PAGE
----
Food Cardiff calls for national action on child holiday hunger

Food Cardiff is calling for more action to address the growing issue of ‘holiday hunger’ among children in the UK.

We are urging policy makers to remedy the lack of food provision for children during the summer holidays. For many families, particularly those in areas of social need, lack of free school meals outside term time means that some children regularly miss meals.SHEP group photo June 16 small

Food Cardiff comprises several organisations including City of Cardiff Council and Cardiff and Vale University Health Board. Last summer, it opened schools across the city to deliver Food and Fun, a multi-agency pilot providing quality meals, nutrition skills and sports education to children in deprived areas.

The pilot was a much-needed lifeline to families, who reported skipping fewer meals, relying less on food banks and trying new foods. 79% of parents felt that the project had taken financial pressure off the family.

It also captured the attention of food and health industry professionals, winning several awards across the UK.

Katie Palmer is Sustainable Food Cities Co-ordinator for Food Cardiff. She says: “It’s shameful that in the twenty-first century there are children in the UK going hungry. The scale of holiday hunger is such that it requires a collaborative, coordinated response at local level, underpinned by national policy. That’s why the awards are important – we want to shout far and wide about this issue and the solutions to it.”DSC_0352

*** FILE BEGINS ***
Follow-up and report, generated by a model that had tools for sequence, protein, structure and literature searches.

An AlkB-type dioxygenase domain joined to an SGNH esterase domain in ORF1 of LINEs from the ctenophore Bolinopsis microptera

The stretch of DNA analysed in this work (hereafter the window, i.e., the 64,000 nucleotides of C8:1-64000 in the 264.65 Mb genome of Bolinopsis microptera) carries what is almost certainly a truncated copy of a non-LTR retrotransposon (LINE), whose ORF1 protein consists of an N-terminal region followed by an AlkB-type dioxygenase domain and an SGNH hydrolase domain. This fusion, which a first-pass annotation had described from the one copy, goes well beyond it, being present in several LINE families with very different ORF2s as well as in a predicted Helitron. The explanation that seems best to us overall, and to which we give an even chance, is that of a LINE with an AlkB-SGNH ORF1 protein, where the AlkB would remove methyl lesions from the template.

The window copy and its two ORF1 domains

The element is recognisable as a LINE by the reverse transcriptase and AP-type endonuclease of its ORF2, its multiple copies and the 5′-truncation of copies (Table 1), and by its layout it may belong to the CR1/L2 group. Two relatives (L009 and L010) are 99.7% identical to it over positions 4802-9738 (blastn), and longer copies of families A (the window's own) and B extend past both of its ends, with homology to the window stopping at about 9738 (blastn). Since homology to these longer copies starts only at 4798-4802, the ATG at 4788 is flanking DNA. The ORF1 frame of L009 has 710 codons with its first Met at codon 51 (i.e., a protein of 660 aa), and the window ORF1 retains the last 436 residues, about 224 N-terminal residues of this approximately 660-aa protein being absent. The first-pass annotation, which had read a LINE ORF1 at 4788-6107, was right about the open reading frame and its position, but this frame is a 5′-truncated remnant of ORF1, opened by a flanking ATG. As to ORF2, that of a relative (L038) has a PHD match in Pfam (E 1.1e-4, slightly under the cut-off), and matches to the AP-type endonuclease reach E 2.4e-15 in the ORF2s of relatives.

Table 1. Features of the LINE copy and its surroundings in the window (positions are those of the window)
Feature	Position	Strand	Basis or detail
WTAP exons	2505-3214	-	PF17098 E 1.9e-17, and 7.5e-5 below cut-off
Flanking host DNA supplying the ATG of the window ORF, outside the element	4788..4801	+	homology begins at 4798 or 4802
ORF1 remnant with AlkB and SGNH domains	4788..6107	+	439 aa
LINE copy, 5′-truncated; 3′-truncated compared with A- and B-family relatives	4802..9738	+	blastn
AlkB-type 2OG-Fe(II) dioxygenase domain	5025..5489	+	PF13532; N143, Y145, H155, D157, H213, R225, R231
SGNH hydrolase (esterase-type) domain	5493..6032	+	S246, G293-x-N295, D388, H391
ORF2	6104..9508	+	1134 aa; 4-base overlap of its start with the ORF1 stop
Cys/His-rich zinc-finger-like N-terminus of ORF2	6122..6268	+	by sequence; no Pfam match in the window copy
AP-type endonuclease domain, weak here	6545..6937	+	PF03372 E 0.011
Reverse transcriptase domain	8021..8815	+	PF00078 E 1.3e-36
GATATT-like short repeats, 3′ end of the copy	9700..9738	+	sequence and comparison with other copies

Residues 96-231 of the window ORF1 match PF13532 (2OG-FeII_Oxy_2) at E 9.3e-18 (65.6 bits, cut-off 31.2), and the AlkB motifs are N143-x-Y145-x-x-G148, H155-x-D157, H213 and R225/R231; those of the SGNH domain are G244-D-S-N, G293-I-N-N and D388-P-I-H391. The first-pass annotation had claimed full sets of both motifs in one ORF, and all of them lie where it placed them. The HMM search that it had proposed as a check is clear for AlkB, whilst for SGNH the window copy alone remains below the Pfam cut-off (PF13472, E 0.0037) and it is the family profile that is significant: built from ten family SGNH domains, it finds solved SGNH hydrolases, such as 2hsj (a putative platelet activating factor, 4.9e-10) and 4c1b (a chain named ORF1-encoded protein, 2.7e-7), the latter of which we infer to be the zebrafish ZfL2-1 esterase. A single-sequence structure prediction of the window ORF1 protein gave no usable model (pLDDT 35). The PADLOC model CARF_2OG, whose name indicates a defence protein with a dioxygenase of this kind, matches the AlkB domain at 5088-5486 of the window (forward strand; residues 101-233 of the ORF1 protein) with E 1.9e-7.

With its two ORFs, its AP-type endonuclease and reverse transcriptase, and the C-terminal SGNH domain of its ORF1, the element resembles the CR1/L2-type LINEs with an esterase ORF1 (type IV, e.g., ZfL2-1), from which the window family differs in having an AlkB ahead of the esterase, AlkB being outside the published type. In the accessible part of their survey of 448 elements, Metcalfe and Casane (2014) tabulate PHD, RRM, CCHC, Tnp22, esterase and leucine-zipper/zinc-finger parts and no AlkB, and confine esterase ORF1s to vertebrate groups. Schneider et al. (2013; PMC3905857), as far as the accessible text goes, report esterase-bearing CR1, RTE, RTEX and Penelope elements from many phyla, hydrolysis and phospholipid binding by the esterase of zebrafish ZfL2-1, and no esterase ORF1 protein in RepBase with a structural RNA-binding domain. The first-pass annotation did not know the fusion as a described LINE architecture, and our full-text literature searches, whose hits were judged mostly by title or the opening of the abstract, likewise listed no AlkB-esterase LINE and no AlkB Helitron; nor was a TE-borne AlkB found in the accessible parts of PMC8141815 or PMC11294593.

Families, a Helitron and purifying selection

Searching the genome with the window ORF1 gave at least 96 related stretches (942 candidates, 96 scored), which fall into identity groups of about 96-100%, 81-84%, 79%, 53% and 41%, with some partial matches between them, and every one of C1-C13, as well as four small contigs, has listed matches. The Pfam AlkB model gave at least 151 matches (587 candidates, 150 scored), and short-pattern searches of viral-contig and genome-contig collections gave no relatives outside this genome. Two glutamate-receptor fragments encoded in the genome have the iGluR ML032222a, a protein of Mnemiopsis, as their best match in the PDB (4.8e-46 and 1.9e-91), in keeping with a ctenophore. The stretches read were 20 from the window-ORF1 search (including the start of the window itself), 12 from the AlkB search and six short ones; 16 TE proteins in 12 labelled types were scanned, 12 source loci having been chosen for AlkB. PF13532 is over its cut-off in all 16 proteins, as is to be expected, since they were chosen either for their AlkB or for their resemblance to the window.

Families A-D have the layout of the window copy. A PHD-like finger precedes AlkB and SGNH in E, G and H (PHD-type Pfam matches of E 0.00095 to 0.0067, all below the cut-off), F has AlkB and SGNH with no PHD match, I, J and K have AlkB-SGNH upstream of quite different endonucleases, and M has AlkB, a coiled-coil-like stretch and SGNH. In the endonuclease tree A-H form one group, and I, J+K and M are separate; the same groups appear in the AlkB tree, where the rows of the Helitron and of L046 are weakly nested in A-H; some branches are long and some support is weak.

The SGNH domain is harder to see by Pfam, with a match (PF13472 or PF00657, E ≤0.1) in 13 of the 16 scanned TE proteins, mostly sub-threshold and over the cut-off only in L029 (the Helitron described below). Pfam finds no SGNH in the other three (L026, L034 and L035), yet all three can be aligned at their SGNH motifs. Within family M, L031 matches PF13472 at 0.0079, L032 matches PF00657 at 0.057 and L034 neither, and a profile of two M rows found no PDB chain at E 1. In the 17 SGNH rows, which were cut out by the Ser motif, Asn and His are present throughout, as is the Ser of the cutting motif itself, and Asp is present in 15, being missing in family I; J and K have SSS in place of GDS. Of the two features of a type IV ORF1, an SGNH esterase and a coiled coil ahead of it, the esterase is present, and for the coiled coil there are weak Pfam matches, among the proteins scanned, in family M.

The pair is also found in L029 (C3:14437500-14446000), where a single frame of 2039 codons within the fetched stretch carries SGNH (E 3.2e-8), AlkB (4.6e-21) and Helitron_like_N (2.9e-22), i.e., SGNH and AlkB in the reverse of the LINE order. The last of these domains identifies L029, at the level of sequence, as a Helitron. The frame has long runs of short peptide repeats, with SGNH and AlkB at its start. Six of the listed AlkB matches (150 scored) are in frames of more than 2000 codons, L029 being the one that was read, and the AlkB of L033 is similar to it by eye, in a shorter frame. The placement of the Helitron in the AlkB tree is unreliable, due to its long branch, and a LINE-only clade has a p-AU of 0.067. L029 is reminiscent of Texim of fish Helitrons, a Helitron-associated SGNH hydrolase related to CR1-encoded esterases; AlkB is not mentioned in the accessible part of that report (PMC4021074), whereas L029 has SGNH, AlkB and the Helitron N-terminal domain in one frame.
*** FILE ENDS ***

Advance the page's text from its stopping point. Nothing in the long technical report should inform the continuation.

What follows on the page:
The success of Food and Fun has resulted in a national programme, co-ordinated by the Welsh Local Government Association, to run in five local authorities in Wales (Cardiff, Vale of Glamorgan, Neath Port Talbot, Denbighshire and Wrexham) during summer 2016. It is estimated that up to 1,000 children will benefit.

Katie added: “So many agencies have the potential to address holiday provision and I’m proud that local authority catering teams in Wales are leading the way with such enthusiasm and dedication. With the Children’s Health Fund offering grants of up to five thousand pounds to address this issue, there is opportunity to develop effective delivery models.”

The programme runs for four weeks in summer and will include breakfast, lunch, nutrition skills, education and sports. Once a week, families will be invited to the schools to enjoy lunch together. The programme makes excellent use of schools and facilities that would otherwise be lying dormant during the school break.

Child food poverty expert Lindsay Graham has praised Food Cardiff’s efforts: “Food and Fun is an ideal model of sustainable holiday provision and one that I regularly reference to UK ministers regarding child hunger. It’s fantastic that a national partnership is now driving this work forward and I wish all those delivering Food and Fun across Wales this summer the best of luck.”

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